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Allergy outbreak: Deadly food allergies on the rise



LYNCHBURG, VA. (WSET) – For Anthony and Rachel Waff the dinner time can get complicated.

Not for what their three children will not eat, but for what their little ones can not eat.

Two years Old Asher has severe food allergies.

Peanuts, eggs, garlic are just some of the foods that could make him stop breathing.

His doctors are not sure why nobody in his family deals with this, but Asher's immune system sees specific foods or something in those foods as dangerous.

But Asher does not even need to eat food to get a reaction.

They discovered that he was allergic to garlic after it had burst when their dog licked him on the leg after eating dog food containing garlic.

The other two boys do not have food allergies, but have to watch out for their little brother

If they eat something he can not have, Asher must be in his high chair … And Abe and Anderson eat paper plates that they can be thr If there is no trace of food that could hurt Asher is left behind.

Asher's pediatric allergist says there are currently no drugs or blows for those with food allergies, but oral desensitization to the horizon is desirable.

There are some places in the United States that are already experiencing this approach, which actually means giving the patient small amounts of food to which they are allergic.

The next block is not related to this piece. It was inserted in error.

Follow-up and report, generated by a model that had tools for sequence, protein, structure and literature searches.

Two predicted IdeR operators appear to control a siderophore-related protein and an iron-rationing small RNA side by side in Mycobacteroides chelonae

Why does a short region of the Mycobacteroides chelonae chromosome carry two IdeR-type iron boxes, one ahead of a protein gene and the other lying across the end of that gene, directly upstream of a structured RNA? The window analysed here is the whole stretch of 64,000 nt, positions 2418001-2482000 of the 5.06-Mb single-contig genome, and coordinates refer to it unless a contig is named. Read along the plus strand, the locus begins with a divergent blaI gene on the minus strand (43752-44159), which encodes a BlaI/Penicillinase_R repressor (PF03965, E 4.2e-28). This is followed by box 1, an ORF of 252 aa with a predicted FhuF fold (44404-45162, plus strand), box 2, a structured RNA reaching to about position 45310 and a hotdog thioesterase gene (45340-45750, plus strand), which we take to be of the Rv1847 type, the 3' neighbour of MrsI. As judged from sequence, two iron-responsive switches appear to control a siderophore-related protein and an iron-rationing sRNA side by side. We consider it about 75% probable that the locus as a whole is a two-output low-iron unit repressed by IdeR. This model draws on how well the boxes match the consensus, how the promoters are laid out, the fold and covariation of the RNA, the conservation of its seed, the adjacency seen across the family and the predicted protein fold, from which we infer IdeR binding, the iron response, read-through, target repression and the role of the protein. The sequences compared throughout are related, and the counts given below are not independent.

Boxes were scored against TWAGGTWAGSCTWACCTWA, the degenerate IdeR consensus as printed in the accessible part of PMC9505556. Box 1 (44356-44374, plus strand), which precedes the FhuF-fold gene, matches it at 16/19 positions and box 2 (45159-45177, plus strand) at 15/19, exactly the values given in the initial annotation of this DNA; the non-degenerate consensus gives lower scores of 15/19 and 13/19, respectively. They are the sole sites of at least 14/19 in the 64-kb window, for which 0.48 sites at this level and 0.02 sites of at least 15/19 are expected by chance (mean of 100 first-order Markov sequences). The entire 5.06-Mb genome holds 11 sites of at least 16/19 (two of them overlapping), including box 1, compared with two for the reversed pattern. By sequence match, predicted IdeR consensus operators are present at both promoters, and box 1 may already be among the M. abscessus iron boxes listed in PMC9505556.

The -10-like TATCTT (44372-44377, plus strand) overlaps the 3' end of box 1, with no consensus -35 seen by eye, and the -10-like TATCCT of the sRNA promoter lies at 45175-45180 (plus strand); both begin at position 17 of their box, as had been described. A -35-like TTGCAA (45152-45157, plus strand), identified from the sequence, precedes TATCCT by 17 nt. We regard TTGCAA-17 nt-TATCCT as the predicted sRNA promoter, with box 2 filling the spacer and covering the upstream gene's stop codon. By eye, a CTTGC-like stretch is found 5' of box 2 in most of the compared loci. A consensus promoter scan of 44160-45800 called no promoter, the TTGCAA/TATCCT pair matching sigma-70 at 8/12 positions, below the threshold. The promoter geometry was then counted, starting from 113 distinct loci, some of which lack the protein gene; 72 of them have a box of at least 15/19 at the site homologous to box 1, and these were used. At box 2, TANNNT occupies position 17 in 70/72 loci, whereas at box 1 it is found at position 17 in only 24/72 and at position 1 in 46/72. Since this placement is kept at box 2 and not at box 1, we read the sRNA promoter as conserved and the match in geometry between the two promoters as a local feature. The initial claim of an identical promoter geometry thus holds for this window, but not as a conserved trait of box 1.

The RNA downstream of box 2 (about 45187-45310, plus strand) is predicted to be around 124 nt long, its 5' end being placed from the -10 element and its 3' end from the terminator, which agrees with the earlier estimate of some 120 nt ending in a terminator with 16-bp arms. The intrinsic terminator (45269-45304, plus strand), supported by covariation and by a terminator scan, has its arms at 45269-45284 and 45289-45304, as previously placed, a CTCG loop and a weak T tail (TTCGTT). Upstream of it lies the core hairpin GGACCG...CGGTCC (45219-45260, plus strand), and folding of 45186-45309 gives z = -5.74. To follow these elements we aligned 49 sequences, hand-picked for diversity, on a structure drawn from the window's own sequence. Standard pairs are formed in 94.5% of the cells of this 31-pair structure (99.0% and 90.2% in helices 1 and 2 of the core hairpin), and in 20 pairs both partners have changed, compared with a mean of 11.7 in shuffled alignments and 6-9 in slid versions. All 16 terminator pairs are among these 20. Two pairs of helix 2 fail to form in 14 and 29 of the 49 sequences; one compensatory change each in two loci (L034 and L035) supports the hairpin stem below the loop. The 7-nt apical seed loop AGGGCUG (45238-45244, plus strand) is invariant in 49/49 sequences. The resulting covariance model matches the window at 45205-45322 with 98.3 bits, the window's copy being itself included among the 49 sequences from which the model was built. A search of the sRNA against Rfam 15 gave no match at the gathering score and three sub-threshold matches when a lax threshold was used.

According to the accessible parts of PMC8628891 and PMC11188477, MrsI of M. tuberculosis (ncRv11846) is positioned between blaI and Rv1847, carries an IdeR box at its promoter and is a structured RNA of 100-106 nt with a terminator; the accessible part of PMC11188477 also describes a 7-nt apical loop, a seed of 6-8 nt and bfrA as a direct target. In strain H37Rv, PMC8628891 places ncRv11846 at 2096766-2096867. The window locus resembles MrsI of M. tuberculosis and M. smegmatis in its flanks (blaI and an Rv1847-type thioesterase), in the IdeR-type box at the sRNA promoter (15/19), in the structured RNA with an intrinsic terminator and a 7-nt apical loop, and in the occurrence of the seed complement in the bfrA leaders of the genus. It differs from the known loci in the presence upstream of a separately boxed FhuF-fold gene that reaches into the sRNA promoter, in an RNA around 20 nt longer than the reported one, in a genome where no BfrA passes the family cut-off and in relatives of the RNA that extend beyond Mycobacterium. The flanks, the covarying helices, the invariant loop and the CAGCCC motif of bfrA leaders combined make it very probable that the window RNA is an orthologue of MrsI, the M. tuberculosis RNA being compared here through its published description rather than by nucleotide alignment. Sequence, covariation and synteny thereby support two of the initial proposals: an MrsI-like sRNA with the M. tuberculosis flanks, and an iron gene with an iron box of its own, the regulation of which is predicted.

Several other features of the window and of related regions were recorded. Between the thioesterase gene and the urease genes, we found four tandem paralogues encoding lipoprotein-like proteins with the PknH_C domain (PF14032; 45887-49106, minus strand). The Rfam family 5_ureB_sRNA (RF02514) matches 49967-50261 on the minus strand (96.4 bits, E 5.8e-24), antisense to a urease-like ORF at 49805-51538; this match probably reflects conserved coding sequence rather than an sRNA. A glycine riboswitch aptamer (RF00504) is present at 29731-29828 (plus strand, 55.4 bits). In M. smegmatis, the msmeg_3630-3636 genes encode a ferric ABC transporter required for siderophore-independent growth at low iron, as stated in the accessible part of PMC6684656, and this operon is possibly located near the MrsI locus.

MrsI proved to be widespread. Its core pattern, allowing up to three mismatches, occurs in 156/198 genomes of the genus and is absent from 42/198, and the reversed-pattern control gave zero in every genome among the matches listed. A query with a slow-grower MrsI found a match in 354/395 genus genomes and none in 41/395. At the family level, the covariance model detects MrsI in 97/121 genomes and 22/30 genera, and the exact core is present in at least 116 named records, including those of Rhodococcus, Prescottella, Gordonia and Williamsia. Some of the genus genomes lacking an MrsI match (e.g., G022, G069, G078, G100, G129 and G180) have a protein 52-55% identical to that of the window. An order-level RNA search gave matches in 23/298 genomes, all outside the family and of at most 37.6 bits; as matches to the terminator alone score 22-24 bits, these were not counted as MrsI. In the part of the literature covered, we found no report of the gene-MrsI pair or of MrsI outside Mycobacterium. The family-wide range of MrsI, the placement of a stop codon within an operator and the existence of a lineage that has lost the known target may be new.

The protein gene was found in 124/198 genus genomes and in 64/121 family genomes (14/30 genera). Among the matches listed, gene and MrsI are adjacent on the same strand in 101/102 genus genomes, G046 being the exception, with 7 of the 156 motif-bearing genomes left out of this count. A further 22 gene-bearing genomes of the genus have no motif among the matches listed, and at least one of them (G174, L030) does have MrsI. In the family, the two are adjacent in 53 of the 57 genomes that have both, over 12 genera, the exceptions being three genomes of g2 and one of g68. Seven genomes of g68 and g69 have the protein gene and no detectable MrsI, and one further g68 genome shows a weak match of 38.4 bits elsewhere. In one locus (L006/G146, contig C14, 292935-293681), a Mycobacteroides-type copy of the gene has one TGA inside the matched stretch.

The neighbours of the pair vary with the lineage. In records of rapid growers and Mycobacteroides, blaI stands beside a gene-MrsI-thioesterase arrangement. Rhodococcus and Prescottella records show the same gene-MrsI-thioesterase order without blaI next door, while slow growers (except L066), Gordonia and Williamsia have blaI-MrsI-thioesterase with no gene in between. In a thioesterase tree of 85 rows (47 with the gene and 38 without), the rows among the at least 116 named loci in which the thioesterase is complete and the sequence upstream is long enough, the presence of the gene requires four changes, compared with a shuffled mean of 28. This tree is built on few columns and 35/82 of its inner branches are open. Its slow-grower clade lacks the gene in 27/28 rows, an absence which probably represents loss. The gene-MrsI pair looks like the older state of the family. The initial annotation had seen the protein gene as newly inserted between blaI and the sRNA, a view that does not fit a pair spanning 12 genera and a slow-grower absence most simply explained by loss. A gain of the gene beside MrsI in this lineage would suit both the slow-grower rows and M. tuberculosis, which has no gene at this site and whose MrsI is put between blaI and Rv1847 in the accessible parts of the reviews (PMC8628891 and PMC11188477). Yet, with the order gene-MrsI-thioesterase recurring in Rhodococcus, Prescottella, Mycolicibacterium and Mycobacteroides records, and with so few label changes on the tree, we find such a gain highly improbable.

The Waffs studied and found the Southern California Food Allergy Institute which claims to have had great success with its "tolerance induction program".

The program has a waiting list longer than a year, but after six months the Waff received the call that Asher had been accepted.

And right now, the family is in California where Asher will soon begin this unique treatment ̵

1; eating the foods to which he is allergic.

The National Institute of Infectious Diseases and Allergies has recently published a study that shows that oral desensitization seems to be a Reaciment for some children with peanut allergies, but they say they still need to examine the long-term effects .

The Southern California Food Allergy Institute claims that their program works by saying that they have nearly 3,500 graduates who can now eat without restrictions.

The Waffs say this program offers the best hope for Asher to live a normal life.

Asher will have to return to California every 6-8 weeks for more than a year. He will then return every 6 months or so, most likely for the rest of his life just to make sure he is still tolerating the foods that, once upon a time, could be deadly.

Waff insurance covers much of the treatment, but not travel costs to get to California every two months. They have a fund for me site. You can find a link to it here.


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